Multi-American | How immigrants are redefining 'American' in Southern California

Gen 1.5: Where an immigrant generation fits in

Photo by K W Reinsch/Flickr (Creative Commons)

The experience of 1.5 generation immigrants, a term used to describe people who arrived in the U.S. as children and adolescents, is a unique one. Unlike their first-generation parents or U.S.-born siblings, their identity is split. They are American in many ways, sometimes in most, but not entirely.

Depending on how old 1.5s are upon arrival, where they grow up, which ethnic group they belong to and a host of other factors, their American/immigrant identities vary wildly, as do the roles they play within immigrant diasporas. They can play bridge-builder and cultural interpreter, helping parents and grandparents navigate their new home. Or they can feel like outcasts, neither here nor there. Then there are complicating factors like legal status, with some undocumented 1.5s growing up side by side with U.S. citizen siblings and peers.

Next Tuesday, March 27, I'll be leading a discussion about the 1.5 experience at KPCC's Crawford Family Forum, joined by Cal Poly Pomona sociologist Mary Yu Danico and UCLA Chicana/o Studies professor Leisy Abrego, both 1.5s themselves, along with yours truly. The audience will form part of the discussion as well, and people will be encouraged to share their stories. Among other things, we'll be talking about how the 1.5 experience has shaped those of us who live it in terms of how we identify, how we speak, how we marry, even how we vote.

We'll also talk about the evolution of the 1.5 term and what it means to different people. It's been used in academia for many years - back in the late 1960s, sociologist Rubén Rumbaut described Cuban American child immigrants as being part of a “one-and-a-half generation," later switching to the decimal "1.5 generation" to describe Southeast Asian youths. But the term really took off in the Korean American press, and still has special resonance for Asian Americans.

There's an interesting reason why this is so, especially for Korean Americans. Just as the Japanese have terms to describe first, second and third-generation immigrants, Koreans have a unique term for those in between the first and second, which they refer to as ilchom ose.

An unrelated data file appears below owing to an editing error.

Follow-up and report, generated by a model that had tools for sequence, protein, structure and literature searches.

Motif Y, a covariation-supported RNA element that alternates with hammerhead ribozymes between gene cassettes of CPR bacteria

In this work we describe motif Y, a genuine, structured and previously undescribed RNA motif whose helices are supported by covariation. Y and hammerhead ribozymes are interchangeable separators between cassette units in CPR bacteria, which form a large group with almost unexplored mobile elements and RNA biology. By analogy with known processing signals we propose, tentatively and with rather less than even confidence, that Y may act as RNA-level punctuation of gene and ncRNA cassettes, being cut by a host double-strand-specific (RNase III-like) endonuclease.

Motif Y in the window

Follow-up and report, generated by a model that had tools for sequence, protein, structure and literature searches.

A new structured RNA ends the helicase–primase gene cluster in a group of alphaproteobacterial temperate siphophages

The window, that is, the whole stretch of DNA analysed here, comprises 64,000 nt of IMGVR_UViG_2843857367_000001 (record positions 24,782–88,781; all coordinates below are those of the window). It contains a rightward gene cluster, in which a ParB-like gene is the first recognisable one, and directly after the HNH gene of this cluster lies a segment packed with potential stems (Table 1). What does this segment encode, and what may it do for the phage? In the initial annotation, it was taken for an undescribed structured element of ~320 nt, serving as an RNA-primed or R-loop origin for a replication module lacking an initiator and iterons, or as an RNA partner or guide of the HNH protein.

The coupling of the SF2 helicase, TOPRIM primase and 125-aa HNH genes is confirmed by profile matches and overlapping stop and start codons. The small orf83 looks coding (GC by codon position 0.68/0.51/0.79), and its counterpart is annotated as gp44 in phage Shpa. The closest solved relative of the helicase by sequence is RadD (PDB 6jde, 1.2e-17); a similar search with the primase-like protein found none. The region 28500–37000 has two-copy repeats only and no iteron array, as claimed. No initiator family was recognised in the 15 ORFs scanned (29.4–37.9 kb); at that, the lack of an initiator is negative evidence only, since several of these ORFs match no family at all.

UCLA anthropologist Kyeyoung Park wrote about this in 1999 for the Amerasia Journal:

More than three-quarters of Korean immigrants are post-1965, many immigrating on family reunification provisions. The Korean immigrant community includes many child immigrants who are often called 1.5ers, or what is called ilchom ose within the Korean American community, the term first used in the 1970s (of both Los Angeles and New York Korean American communities) and popularized by community leaders such as Professor Eui-young Yu and Bong Hwan Kim, former director of the Korean Youth and Community Center. In the early 1980s, It was K.W. Lee, the editor of the Korea Times English Edition, who first wrote about the 1.5 generation Korean Americans.

The 1.5 term isn't as widely used among non-Asians, though it's gained popularity among Latinos lately. And interestingly, though not all scholars agree with it, there's a 1.5-generation scale: Rumbaut, who studies immigration as a professor at UC Irvine, came up with sub-categories to describe who arrived at what age. According to the scale, those who arrived between ages six and 12 are the truest 1.5s; those who came at age five or younger are "1.75s," closer to the second, with little or no memory of their native country. Older youths who arrived between ages 13 and 17 would be "1.25s," more likely to have an outlook similar to the first generation.

But it all varies, as we'll discuss next week. I'll share a bit of my 1.5 story here: My family arrived in Los Angeles from Havana when I was just shy of four. By the scale I would qualify as a 1.75, closest to the second generation, and this does shape my identity. But because I lived through the process of my family's assimilation - rather than it occurring before I was born, or while too young to remember - this left a distinct imprint on me as well. I'll share more during the panel.

Admission is free, but an RSVP is required so sign up here. In the meantime, might any fellow 1.5s care to share their thoughts or an anecdote from their own experience? Post away.